So, if remakes in video games are popular, would they work in the film & TV industry?
The name ‘remake’ actually started out in the film industry, when studios would reshoot a similar script with updated technology for maximum impact – some directors did it too, like Alfred Hitchcock and The Man Who Knew Too Much, which he released in both 1934 and 1956 with a significantly revised script.
We’ve seen countless shows over the years be remade and then swiftly canceled : Sabrina The Teenage Witch (1996-2003) became Netflix’s Chilling Adventures of Sabrina (2018-2020) for two short seasons, as did HBO Max’s Gossip Girl (2021-2023), which had a short lifespan despite an initially strong fanbase.
In the film space, however, remakes and long awaited returns to older franchises seem to have been a booming success. Top Gun:Maverick (2022), the sequel to Tom Cruise’s Top Gun (1986) was massively successful, earning nearly $1.5 billion globally and receiving several Academy Award nominations.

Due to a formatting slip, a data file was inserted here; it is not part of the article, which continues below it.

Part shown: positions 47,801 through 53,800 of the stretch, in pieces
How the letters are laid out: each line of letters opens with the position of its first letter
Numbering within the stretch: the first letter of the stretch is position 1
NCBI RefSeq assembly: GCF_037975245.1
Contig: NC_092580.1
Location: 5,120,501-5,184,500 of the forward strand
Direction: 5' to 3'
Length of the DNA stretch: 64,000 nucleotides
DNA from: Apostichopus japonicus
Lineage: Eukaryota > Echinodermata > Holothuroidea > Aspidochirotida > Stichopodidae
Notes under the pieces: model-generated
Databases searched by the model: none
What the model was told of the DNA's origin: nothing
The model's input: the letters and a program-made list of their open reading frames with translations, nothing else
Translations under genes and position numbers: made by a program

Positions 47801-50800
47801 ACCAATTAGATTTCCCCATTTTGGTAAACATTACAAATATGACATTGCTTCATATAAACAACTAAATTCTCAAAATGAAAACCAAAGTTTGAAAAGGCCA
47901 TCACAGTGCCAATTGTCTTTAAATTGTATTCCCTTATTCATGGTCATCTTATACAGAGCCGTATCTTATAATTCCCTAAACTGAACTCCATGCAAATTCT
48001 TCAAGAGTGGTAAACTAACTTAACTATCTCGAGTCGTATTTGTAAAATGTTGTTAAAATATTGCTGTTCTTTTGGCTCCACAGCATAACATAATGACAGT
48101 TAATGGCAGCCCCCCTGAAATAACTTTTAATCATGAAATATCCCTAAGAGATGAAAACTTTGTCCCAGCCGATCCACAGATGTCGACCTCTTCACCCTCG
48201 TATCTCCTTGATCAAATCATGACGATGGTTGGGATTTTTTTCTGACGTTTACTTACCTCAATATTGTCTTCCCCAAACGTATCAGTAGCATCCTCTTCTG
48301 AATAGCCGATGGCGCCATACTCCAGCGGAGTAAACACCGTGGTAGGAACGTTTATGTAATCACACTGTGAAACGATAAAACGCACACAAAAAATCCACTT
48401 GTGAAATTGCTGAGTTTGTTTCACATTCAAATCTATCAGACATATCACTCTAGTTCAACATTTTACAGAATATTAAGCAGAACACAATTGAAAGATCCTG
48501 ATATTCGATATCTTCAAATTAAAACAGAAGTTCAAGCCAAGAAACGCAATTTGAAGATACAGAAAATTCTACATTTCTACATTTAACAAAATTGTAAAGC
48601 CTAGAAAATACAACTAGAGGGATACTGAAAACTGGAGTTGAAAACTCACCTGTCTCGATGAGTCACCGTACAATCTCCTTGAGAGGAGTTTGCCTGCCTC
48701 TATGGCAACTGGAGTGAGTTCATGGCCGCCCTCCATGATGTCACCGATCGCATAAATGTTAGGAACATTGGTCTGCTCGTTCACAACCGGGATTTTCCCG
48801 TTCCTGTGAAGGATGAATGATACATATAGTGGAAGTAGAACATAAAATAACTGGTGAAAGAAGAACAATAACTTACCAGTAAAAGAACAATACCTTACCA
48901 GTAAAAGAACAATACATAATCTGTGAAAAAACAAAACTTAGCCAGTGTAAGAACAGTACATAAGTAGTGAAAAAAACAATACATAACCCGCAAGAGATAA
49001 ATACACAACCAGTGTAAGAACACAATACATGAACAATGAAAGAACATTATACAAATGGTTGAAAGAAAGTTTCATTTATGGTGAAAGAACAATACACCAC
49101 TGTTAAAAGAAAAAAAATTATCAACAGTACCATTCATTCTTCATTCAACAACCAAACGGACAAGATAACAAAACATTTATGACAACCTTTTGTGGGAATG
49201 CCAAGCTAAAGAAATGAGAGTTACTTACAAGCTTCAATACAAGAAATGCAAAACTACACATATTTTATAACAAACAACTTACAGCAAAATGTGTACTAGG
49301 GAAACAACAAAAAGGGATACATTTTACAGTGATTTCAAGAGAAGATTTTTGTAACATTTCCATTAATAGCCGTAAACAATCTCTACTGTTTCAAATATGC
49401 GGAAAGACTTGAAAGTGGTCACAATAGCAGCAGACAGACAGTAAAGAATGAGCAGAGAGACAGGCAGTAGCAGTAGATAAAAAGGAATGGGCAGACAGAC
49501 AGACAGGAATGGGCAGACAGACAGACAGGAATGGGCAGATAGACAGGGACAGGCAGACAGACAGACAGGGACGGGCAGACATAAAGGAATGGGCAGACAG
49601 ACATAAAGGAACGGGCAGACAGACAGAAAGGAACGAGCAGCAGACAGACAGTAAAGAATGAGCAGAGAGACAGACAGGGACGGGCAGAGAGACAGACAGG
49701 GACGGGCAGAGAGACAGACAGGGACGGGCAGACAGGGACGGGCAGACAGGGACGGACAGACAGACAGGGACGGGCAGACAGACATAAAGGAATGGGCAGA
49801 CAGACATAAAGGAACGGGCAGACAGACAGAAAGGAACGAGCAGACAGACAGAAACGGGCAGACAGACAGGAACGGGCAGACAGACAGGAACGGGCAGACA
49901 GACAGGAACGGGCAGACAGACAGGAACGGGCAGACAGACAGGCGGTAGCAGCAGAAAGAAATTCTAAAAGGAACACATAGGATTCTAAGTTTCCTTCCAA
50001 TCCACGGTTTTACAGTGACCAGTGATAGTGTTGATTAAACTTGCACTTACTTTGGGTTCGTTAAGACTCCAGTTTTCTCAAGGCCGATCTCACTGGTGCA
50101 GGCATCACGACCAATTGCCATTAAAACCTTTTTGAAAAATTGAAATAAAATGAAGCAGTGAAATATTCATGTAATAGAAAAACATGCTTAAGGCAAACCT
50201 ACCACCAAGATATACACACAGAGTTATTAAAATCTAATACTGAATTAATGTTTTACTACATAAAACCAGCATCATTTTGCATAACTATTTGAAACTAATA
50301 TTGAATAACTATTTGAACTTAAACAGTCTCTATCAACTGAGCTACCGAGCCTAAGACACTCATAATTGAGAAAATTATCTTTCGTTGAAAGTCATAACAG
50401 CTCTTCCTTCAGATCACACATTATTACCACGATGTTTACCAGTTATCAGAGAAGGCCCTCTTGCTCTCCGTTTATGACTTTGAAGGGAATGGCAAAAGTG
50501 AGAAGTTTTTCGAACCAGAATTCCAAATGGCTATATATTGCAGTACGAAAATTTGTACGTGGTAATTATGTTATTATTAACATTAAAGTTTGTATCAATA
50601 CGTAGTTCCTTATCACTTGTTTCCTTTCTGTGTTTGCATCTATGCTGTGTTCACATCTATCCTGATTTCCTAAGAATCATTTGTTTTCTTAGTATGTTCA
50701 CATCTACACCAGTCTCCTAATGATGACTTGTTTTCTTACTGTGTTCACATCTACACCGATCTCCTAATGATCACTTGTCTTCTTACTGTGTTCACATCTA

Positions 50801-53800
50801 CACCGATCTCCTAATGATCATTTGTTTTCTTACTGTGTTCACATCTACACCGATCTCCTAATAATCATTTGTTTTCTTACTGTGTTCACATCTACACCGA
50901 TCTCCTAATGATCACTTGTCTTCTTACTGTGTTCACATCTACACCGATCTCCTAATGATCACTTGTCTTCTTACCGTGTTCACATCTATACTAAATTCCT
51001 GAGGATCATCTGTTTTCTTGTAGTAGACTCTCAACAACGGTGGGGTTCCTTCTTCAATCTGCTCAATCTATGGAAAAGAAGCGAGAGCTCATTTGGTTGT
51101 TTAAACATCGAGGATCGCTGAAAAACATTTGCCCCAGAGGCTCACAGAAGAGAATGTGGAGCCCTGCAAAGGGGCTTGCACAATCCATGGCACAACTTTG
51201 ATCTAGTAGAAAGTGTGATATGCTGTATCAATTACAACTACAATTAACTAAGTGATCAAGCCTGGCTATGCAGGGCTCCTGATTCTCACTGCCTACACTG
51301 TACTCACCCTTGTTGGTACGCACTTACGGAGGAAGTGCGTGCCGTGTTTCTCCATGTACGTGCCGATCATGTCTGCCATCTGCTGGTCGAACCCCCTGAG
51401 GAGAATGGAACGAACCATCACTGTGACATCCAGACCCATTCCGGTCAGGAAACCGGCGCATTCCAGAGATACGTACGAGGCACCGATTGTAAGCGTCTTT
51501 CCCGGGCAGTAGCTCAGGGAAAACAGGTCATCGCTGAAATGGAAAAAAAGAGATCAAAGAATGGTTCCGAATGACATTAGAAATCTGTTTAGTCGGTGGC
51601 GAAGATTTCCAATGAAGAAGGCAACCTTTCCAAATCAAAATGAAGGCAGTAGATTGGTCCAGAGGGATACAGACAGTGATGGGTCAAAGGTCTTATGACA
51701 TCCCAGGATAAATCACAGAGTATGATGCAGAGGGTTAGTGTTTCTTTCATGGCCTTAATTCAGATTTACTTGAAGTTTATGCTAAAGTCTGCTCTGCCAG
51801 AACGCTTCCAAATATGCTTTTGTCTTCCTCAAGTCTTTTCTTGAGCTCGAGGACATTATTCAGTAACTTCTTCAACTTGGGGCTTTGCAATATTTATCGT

Lady Gaga and Bradley Cooper appeared in the remake of Barbra Streisand’s original hit A Star is Born (1976) to widespread triumph, with Gaga winning an Academy Award, a Grammy, a BAFTA and a Golden Globe for her role. Greta Gerwig’s Little Women (2019) was ‘an adaptation in the best sense of the word’ and Dune (2021) won six Academy Awards.
The success of a remake makes sense, as it targets an audience that grew up loving the original films and now has the disposable income to re-watch a new adaptation in theaters. Sometimes, however, a remake is unnecessary, and a remaster can do wonders.